Bears Managing Mitchell Trubisky's Confidence

LAKE FOREST, Ill. (670 The Score) -- Bears quarterback Mitchell Trubisky stepped before the media at Halas Hall on Wednesday afternoon ready to move on from a disappointing opening act.

Nearly a week since the Bears offense managed only a field goal in their 10-3 loss to the Packers, Trubisky made it clear he and this team are done discussing that performance.

"I was told not to talk about the last game," Trubisky said as he looked off to a Bears public relations official.

"We're moving on to this week."

Trubisky's words matched those of coach Matt Nagy and quarterbacks coach Dave Ragone, who spent the days since the loss reviewing what went wrong. The Bears' brain trust around Trubisky watched the film and identified his mistakes. They took it to the practice field in a 10-10-10 session Monday designed in part to help the offense get back on track.

Now, the Bears are focused on producing the potent offense they believe Trubisky can lead.

"We've moved on," Ragone said several times Tuesday afternoon.

The Bears coaching staff has often referenced a "next-play mentality" when it comes to the 25-year-old Trubisky, whom they hope becomes a franchise quarterback. But in this third season for Trubisky and his second year in Nagy's offense, they also realize the challenge he's facing. The plays they hope to flush add up on Trubisky.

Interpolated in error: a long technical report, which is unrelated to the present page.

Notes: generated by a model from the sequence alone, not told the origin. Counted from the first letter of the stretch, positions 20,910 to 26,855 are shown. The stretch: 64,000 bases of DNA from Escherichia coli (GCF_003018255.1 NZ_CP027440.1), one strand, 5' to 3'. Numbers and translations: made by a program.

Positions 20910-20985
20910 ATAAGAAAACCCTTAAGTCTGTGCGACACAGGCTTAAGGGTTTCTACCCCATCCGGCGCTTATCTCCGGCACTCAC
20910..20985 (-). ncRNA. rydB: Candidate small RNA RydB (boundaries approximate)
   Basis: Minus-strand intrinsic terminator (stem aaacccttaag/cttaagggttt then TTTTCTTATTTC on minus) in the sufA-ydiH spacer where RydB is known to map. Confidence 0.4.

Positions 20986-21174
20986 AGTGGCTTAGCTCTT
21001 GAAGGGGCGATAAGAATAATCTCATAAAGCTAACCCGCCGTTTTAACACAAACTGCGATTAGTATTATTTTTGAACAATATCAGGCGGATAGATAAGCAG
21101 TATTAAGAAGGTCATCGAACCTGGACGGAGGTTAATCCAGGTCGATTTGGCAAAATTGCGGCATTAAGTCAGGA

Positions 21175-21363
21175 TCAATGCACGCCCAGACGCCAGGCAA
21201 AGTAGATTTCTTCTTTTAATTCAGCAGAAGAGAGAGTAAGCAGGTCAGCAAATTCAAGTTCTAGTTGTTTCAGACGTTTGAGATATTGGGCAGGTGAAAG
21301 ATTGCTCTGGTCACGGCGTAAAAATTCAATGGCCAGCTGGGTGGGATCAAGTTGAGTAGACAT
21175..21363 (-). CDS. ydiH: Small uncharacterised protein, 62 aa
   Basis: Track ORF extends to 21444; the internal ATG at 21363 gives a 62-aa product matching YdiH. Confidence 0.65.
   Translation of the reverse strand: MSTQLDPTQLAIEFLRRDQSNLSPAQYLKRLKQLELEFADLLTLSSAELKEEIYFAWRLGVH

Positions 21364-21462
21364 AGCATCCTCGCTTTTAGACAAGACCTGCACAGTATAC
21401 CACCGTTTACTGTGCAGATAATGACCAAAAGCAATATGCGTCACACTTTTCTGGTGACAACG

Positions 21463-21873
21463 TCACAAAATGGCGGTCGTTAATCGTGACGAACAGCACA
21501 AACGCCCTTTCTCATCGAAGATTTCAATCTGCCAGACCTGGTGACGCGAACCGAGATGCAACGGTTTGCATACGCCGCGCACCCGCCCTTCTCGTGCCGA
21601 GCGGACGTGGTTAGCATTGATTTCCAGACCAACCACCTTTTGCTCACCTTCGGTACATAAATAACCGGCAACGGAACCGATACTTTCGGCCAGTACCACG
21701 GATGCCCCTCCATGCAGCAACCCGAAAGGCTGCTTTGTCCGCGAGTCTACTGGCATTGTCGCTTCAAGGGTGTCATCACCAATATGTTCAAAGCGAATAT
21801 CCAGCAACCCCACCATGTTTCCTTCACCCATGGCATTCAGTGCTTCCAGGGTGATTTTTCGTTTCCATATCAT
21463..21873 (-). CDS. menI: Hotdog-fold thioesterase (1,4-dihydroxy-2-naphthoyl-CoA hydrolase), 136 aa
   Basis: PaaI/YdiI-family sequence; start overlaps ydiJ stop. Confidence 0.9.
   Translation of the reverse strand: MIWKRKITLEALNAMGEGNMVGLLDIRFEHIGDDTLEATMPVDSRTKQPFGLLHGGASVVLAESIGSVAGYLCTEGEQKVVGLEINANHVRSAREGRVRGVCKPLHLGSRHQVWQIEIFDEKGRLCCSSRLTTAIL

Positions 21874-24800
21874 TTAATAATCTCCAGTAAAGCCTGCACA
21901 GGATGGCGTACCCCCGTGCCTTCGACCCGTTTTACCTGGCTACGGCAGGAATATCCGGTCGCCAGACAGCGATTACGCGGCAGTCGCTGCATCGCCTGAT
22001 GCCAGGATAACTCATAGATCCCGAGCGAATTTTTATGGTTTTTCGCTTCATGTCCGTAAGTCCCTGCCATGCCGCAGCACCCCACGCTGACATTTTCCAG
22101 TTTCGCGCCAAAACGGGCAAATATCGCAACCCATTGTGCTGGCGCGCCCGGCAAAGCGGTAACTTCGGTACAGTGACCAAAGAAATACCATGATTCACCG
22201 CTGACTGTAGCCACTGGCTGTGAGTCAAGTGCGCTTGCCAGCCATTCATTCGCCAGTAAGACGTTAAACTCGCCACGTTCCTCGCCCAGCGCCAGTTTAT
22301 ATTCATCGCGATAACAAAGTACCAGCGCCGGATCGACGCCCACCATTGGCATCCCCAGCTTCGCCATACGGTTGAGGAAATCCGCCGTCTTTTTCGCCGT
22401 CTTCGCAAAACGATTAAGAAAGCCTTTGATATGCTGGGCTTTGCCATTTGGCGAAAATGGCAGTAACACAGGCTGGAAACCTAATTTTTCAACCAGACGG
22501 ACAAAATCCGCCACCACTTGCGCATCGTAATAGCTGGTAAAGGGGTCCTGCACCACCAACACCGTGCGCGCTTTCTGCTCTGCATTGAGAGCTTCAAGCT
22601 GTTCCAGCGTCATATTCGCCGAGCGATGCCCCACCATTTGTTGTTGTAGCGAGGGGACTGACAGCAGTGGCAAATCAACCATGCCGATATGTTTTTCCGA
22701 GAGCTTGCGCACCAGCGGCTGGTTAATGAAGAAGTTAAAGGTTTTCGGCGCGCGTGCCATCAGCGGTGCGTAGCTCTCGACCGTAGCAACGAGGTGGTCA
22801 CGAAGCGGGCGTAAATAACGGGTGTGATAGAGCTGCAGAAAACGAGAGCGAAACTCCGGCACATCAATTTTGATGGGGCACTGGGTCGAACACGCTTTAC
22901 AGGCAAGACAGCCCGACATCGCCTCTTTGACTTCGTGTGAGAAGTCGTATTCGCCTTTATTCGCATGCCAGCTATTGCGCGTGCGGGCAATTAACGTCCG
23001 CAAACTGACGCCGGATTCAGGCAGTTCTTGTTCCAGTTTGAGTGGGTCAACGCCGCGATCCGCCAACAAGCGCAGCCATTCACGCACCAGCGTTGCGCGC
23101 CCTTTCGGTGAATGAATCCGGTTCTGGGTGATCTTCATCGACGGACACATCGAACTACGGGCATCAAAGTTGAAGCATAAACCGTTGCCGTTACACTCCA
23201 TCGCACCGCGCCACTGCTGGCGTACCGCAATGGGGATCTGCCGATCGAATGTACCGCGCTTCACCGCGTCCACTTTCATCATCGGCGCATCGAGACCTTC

Nagy and the Bears had spent months looking to their primetime opener at Soldier Field and weeks game-planning for Trubisky to be the reason why they would win. The creativity that proved to be excessive confidence in Trubisky's execution was the reflection of Nagy's belief in his quarterback. 

It's why losses like the one to the Packers are so crushing. 

While Chicago ponders whether its quarterback will ever live up to his billing, those inside Halas Hall are simply focused on Trubisky bouncing back. 

That's where he is too.

"We're positive around here," Trubisky said. "It's a positive culture. We're on to the next play and on to the next game. All the mistakes that we made, they're all fixable. So, we're going to come in with solutions, come in with a positive work attitude and go to work."

Trubisky was 26-of-45 for 228 yards and an interception in the opener. There were some positives to his game, such as his connection with top target Allen Robinson, who had seven receptions and 102 yards. But the greatest issue Trubisky faced was processing a Packers defense that caught him by surprise with many unscouted looks.

Of course, the challenge for Trubisky doesn't get any easier this week. The Bears will be facing their former defensive coordinator Vic Fangio, who now leads the Broncos. Fangio watched every throw of Trubisky establishing himself in Nagy's offense last season.

"There is a benefit to seeing a full year," Nagy said of Fangio's advantage.

Nagy knows he has a similar edge on Fangio, having seen so many details on how his defense operates. It's why part of the Bears' preparation for the Broncos includes scouting Chicago's vaunted defense of 2018. Nagy is looking to identify how Fangio will attempt to test Trubisky.

Amid the chess match between Nagy and Fangio, the Bears will look to keep Trubisky's confidence in place after a dispiriting showing. 

The Bears are done with that game, and they've made sure Trubisky is too. It's on to the next one.

"We're still confident in what we can be as an offense," Trubisky said. "We just got to go out there and play that way this week."

Chris Emma covers the Bears, Chicago’s sports scene and more for Follow him on Twitter @CEmma670.